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Re: One more question about elisp


From: Pascal J. Bourguignon
Subject: Re: One more question about elisp
Date: Sat, 07 Nov 2009 18:39:42 +0100
User-agent: Gnus/5.1008 (Gnus v5.10.8) Emacs/22.3 (darwin)

Francis Moreau <address@hidden> writes:

> On 7 nov, 02:40, LanX <address@hidden> wrote:
>> On 6 Nov., 22:05, Francis Moreau <address@hidden> wrote:
>>
>> > It sounds strange to me (knowing C, python) to use hash tables to
>> > structure data.
>>
>> You never used dicts in python for structured data???
>
> No since python is known to be an object oriented language, if I want
> to create an object, I'm defining a new class. I don't use a hash
> table for that.
>
> C allows to define new type. So I won't use a hash table to do that.
>
> But I can understand that elisp has no way to create new types, 

This is wrong.


> hash tables can serve the purpose although I'm wondering how the code
> will be readable (yes I already found elisp quite hard to read).

Actually, lisp code is more readable because there is no  impedence
mismatch between primitive and user defined data types.

You should read SICP:

         Structure and Interpretation of Computer Programs
         http://mitpress.mit.edu/sicp/full-text/book/book-Z-H-4.html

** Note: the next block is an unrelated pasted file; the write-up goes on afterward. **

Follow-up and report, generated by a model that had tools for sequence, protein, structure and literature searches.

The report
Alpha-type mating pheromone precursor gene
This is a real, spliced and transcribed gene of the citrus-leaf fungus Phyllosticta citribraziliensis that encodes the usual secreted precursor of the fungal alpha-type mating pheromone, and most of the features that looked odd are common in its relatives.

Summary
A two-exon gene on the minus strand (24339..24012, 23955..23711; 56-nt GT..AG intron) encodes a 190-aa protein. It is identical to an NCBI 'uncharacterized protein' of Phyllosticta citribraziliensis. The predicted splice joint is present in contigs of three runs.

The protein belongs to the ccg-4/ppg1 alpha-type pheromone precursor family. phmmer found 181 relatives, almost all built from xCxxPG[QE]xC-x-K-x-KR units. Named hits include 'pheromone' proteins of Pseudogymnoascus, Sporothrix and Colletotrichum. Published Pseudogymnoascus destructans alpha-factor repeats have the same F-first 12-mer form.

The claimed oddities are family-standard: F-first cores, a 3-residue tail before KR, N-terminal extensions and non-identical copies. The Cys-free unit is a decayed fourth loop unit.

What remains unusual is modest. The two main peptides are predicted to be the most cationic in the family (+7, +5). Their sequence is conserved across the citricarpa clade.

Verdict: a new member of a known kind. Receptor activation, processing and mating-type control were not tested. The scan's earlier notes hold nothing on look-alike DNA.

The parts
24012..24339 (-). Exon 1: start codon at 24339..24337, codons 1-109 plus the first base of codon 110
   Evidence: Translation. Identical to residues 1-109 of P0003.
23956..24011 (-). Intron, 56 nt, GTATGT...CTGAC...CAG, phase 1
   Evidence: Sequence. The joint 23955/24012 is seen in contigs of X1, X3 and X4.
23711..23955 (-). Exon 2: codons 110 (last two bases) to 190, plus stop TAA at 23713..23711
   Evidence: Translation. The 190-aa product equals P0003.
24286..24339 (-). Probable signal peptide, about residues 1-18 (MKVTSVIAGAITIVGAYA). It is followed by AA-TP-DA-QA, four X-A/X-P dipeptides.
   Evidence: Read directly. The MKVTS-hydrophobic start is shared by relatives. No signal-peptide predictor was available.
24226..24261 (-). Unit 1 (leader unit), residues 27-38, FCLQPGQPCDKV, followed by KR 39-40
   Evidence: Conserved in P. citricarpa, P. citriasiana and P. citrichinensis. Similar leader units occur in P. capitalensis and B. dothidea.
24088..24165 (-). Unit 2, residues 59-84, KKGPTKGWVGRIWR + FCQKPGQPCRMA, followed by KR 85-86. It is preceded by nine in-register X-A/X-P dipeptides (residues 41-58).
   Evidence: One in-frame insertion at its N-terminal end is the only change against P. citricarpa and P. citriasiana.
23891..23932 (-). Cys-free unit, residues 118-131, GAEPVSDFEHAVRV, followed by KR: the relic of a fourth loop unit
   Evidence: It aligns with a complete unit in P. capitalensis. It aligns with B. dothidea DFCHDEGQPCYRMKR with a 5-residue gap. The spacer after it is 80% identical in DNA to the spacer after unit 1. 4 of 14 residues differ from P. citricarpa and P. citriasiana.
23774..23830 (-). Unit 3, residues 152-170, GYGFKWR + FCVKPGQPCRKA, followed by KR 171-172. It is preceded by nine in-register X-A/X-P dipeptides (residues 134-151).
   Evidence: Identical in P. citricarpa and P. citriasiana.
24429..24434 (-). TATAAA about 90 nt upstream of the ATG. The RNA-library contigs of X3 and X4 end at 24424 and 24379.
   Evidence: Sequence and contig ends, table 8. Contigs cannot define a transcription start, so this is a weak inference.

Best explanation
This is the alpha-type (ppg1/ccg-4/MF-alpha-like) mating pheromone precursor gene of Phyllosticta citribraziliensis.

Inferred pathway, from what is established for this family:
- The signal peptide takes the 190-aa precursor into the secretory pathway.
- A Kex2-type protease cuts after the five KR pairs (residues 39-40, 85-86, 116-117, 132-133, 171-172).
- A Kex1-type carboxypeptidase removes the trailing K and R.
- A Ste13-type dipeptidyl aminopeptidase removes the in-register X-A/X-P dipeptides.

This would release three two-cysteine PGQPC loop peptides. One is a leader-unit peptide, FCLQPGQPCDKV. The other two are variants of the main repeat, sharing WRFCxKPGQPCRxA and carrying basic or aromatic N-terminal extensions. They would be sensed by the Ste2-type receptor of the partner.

http://swiss.csail.mit.edu/classes/6.001/abelson-sussman-lectures/
         
http://www.codepoetics.com/wiki/index.php?title=Topics:SICP_in_other_languages
         http://eli.thegreenplace.net/category/programming/lisp/sicp/
         http://www.neilvandyke.org/sicp-plt/

The code will be readable because you will be using functional
abstraction: you will defined, (or more usually, have defined)
functions to access your abstract data type, the implementation of
which won't be relevant (unless you have some efficiency bottleneck,
but this remains to be proved by a profiler).

Said otherwise, you never use directly primitive functions such as
car, cdr, aref, or gethash, etc.  Always wrap them by the functions of
your own abstract data types.
        


>> IIRC an object instance  (like in your example) is actually just a
>> dictionary and "dictionary" is just the python way to say hash table.
>
> That's an implementation detail. The way you access fields of an
> object through a hash table doesn't mean that an object is equivalent
> to a hash table.

The same occurs in emacs lisp.

You write:

(require 'eieio)

(defclass person ()
  ((name :initarg :name :type string :accessor person-name)
   (age  :initarg :age  :type integer :accessor person-age)))

(defmethod print-object ((self person) stream)
  (princ (format "#<person named %S aged %S>" 
                 (person-name self) (person-age self))
          stream)
   self)

(print-object (make-instance 'person :name "Mickey" :age 120) (current-buffer))
inserts:

#<PERSON NAMED "Mickey" AGED 120>


You don't have to know that objects are implemented as vectors in emacs lisp.

-- 
__Pascal Bourguignon__


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